The formula is also helpful in understanding the nonlinear relationship between test reliability and test length. Test length must grow by increasingly larger values as the desired reliability approaches 1.0.

If the longer/shorter test is not parallel to the current test, then the prediction will not be strictly accurate. For example, if a highly reliable test was lengthened by adding many poor items then the achieved reliability will probably be much lower than that predicted by this formula.

For the reliability of a two-item test, the formula is more appropriate than Cronbach's alpha (used in this way, the Spearman-Brown formula is also called "standardized Cronbach's alpha", as it is the same as Cronbach's alpha computed using the average item intercorrelation and unit-item variance, rather than the average item covariance and average item variance).[23]

Item response theory item information provides a much more precise means of predicting changes in the quality of measurement by adding or removing individual items.[citation needed]

Citations[edit]

  1. ^ Allen, M.; Yen W. (1979). Introduction to Measurement Theory. Monterey, CA: Brooks/Cole. ISBN 0-8185-0283-5.
  2. ^ Stanley, J. (1971). Reliability. In R. L. Thorndike (Ed.), Educational Measurement. Second edition. Washington, DC: American Council on Education
  3. ^ Wainer, H., & Thissen, D. (2001). True score theory: The traditional method. In H. Wainer and D. Thissen, (Eds.), Test Scoring. Mahwah, NJ:Lawrence Erlbaum
  4. ^ Kelley, T. L. (1924). Note on the Reliability of a Test: A reply to Dr. Crum ’s criticism. Journal of Educational Psychology, 15, 193–204. doi: 10.1037 / h0072471.
    Kuder, G. F., & Richardson, M. W. (1937). The theory of the estimation of test reliability. Psychometrika, 2, 151-160. doi: 10.1007 / BF02288391.
  5. ^ Eisinga, R .; Te Grotenhuis, M .; Pelzer, B. (2013). "The reliability of a two-item scale: Pearson, Cronbach or Spearman-Brown?". International Journal of Public Health. 58 (4): 637-642. doi: 10.1007 / s00038-012-0416-3
  6. ^ Cho, E. (2016). Making reliability reliable: A systematic approach to reliability coefficients. Organizational Research Methods, 19, 651-682. doi:10.1177/1094428116656239.
  7. ^ Flanagan, J. C. (1937). A proposed procedure for increasing the efficiency of objective tests. Journal of Educational Psychology, 28, 17-21. doi: 10.1037 / h0057430. Rulon, P. J. (1939). A simplified procedure for determining the reliability of a test by split-halves. Harvard Educational Review, 9, 99-103.
  8. ^ Guttman, L. (1945). A basis for analyzing test-retest reliability. Psychometrika, 10, 255-282. doi: 10.1007 / BF02288892.
  9. ^ Cho, E. (2016). Making reliability reliable: A systematic approach to reliability coefficients. Organizational Research Methods, 19, 651-682. doi: 10.1177 / 1094428116656239.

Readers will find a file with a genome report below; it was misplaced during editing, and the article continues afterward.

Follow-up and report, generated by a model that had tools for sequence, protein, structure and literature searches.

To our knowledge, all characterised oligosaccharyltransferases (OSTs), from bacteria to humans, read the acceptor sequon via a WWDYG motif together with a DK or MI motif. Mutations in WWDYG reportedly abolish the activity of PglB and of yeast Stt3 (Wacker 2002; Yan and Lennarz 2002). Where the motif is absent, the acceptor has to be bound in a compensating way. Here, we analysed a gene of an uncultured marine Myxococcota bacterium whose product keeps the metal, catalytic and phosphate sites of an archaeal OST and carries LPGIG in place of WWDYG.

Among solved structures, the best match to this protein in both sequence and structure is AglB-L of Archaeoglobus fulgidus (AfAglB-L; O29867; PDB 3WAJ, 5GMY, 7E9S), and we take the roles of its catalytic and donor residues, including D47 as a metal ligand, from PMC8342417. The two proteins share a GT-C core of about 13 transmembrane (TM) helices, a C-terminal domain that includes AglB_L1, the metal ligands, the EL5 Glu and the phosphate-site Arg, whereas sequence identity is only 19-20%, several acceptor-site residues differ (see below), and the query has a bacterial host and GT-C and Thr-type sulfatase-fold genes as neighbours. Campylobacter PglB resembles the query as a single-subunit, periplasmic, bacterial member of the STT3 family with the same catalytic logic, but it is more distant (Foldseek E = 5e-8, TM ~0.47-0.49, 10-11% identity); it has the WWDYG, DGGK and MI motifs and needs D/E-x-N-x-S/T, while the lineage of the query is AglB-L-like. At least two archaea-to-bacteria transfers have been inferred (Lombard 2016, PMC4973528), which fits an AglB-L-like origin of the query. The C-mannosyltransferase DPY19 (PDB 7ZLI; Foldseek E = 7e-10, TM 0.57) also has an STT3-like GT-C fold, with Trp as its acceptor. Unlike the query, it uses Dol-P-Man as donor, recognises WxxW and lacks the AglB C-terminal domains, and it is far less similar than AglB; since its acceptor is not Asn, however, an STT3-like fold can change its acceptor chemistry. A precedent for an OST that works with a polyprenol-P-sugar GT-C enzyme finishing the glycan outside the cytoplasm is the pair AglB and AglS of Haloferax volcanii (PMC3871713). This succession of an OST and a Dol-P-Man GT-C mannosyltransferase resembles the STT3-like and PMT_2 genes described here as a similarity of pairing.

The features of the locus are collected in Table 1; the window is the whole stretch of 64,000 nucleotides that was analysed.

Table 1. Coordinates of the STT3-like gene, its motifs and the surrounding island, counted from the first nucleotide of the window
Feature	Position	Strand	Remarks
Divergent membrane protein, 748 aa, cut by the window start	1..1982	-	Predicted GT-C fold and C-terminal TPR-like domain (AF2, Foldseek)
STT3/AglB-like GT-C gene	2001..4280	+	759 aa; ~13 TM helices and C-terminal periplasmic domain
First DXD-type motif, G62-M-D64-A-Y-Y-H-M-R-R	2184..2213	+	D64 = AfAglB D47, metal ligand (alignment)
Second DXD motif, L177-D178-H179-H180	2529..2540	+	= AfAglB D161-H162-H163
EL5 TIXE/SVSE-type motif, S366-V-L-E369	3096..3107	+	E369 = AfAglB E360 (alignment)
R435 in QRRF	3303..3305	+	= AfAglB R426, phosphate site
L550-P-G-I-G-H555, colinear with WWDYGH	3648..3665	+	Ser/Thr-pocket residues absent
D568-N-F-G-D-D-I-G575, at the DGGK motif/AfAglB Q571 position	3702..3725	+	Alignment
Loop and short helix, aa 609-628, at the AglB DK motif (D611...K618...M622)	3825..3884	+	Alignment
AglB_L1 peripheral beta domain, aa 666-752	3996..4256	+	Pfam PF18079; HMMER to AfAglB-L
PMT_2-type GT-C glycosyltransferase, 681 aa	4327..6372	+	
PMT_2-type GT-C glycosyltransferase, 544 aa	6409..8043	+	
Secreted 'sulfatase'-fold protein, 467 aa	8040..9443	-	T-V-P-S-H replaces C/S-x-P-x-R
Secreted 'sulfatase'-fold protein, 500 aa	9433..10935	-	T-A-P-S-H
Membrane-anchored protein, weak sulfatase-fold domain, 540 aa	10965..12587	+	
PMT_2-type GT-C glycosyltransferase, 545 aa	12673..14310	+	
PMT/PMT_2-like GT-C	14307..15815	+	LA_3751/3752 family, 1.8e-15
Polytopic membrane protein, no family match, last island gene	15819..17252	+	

10. ^ Raju, N. S. (1970). New formula for estimating total test reliability from parts ofunequal length. Proceedings of the 78th Annual Convention ofAPA, 5, 143-144.
  11. ^ Angoff, W. H. (1953). Test reliability and effective test length. Psychometrika, 18(1), 1-14.
  12. ^ Feldt, L. S. (1975). Estimation of the reliability of a test divided into two parts of unequal length. Psychometrika, 40(4), 557-561.
  13. ^ Cho, E. (2016). Making reliability reliable: A systematic approach to reliability coefficients. Organizational Research Methods, 19, 651-682. doi:10.1177/1094428116656239.
  14. ^ Cowles, M. (2005) Statistics in psychology: An historical perspective. New York: Psychology Press.
  15. ^ Later published as a book Brown, W. (1911). The essentials of mental measurement. London: Cambridge University Press.
  16. ^ Spearman, C. (1904). The proof and measurement of association between two things. American Journal of Psychology, 15, 72-101.
  17. ^ Cho, E. & Chun, S. (2018). Fixing a broken clock: A historical review of the originators reliability coefficients including Cronbach's alpha. Survey Research, 19 (2), 23-54.
  18. ^ Spearman, C. (1904). The proof and measurement of association between two things. American Journal of Psychology, 15, 72-101.
  19. ^ Cronbach, L. J., Rajaratnam, N., & Gleser, G. C. (1963). Theory of generalizability: A liberalization of reliability theory. British Journal of Statistical Psychology, 16, 137-163. doi: 10.1111 / j.2044-8317.1963.tb00206.x.
  20. ^ Cho, E. & Chun, S. (2018). Fixing a broken clock: A historical review of the originators reliability coefficients including Cronbach's alpha. Survey Research, 19 (2), 23-54.
  21. ^ Traub, R. E. (1997). Classical test theory in historical perspective. Educational Measurement: Issues and Practice, 16, 8-14. doi: 10.1111 / j.1745-3992.1997.tb00603.x.
  22. ^ Stanley, J. (1971). Reliability. In R. L. Thorndike (Ed.), Educational Measurement. Second edition. Washington, DC: American Council on Education
  23. ^ Eisinga, R.; Te Grotenhuis, M.; Pelzer, B. (2013). "The reliability of a two-item scale: Pearson, Cronbach or Spearman-Brown?". International Journal of Public Health. 58 (4): 637–642. doi:10.1007/s00038-012-0416-3. hdl:2066/116735. PMID 23089674.

References[edit]

  • Spearman, Charles, C. (1910). Correlation calculated from faulty data. British Journal of Psychology, 3, 271–295.
  • Brown, W. (1910). Some experimental results in the correlation of mental abilities. British Journal of Psychology, 3, 296–322.